While watching the All Blacks British and Irish Lions game on Saturday evening was at first exciting and then not at the end, sports news on the home front still holds out reasons for hope for rugby fans. First, that Manu Samoa gets to beat Fiji for a place in the World Cup this weekend.
Why is it that it seems our government is always reveling in the task of embarking on projects, that cost scores of millions of dollars in public funds, and yet along the way those projects are invariably deemed bankrupt, so that soon they are abandoned.
In a response from American Samoa’s Deputy Treasurer, Keith Gebauer, who is currently overseeing Customs in the Territory, we have a sensible response to what was fast escalating into a blame game. Mr Gebauer is calling upon Customs and Border Control of the two Samoas to work together.
Everybody is talking worriedly about freedom today. The idea that there is so much violence in the world these days - so that the worry that freedom is heading quietly and yet inexorably towards an extinction of one sort or another - is perhaps the biggest fear that’s torturing people’s minds everywhere, it’s quite scary.
Yesterday in Samoa’s House of Representatives history was made. It was when Prime Minister, Tuilaepa Sailele Malielegaoi, dispelled all doubts when he confirmed that a new Head of State for Samoa, had indeed been appointed.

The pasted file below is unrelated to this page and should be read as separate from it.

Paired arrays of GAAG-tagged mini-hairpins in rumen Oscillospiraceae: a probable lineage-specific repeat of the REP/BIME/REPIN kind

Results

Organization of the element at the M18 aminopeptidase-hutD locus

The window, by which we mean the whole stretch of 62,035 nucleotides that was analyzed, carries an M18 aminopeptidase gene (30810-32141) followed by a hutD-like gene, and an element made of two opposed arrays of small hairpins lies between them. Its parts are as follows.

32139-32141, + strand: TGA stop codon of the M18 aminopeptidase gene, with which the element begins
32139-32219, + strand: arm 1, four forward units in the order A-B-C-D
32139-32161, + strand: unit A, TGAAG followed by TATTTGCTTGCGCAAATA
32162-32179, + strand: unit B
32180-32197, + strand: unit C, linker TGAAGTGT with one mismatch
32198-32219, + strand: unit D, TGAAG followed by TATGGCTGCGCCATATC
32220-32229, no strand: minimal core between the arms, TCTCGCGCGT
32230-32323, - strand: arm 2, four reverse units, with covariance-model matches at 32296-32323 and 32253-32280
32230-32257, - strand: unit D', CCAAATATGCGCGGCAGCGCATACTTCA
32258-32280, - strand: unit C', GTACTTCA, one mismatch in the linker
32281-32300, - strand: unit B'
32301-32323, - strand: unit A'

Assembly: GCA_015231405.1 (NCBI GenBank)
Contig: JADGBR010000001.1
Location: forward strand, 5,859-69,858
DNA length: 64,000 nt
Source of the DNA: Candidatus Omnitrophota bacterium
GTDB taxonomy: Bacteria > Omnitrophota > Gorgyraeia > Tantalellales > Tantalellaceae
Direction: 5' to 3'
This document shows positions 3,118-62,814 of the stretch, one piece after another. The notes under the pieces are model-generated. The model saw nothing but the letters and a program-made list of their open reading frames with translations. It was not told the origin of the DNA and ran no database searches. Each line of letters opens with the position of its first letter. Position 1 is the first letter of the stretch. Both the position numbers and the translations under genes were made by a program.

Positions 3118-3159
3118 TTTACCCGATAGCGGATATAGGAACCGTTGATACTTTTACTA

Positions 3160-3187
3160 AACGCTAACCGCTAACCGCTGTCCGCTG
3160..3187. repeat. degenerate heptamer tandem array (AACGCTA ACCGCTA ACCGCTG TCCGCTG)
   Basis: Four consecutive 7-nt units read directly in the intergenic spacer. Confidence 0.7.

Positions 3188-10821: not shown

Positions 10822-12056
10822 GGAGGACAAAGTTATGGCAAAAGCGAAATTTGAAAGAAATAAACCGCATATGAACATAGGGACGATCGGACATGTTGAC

Today is the Fourth of July. So what is the Fourth of July? To Americans everywhere, it’s Independence Day. It marks the birth of America as a nation, and the day the United States of America secured its independence from the British Empire.
On Monday last week, 26 June 2017, Parliament passed the law aimed at taxing pastors of all church denominations, around Samoa. It was endorsed by the Head of State, His Highness Tui Atua Tupua Tamasese Efi, on 30 June 2017.
The government can never win when it talks about adding more charges on the shoulders of members of the public. Whether it’s justifiable or not, critics will always find a way to accuse public officials of doing everything they can to milk members of the public dry of their hard-earned money.
Dear Editor, Re: Politics today Again the people have no choice but to put a majority of H.R.P.P in power that will never vote against the PM because of that pathetic election rule that allows 5 H.R.P.P people to run in one district.
Do you think there should be a limit on the number of terms for the Prime Minister? The question has surfaced following the government’s decision to change the Head of State after two terms in office. Deidre Fanene asked in today’s Street Talk and this is what people said:
Think a minute…When 2 wolves fight over a place and territory, they end their fight in a very unusual way. The wolf that finally knows he can’t win, surrenders by rolling over on his back and sticking out his neck to the teeth of the other wolf.
Did the Minister of Agriculture just realize that it is “essential” for both to work together?
7 QUESTIONS THAT ARE KEEPING US AWAKE 1. So come July 26, the day after the current Tui Atua is no longer the Head of State, is he still His Highness? 2. After being addressed as His Highness for 10 years, what new honorific if any, will he be known by?
“I am her mother,” the woman said, looking King Alf squarely in the eye as she spoke. “Surely you will not deny me the right to see my precious daughter.”
© Samoa Observer 2016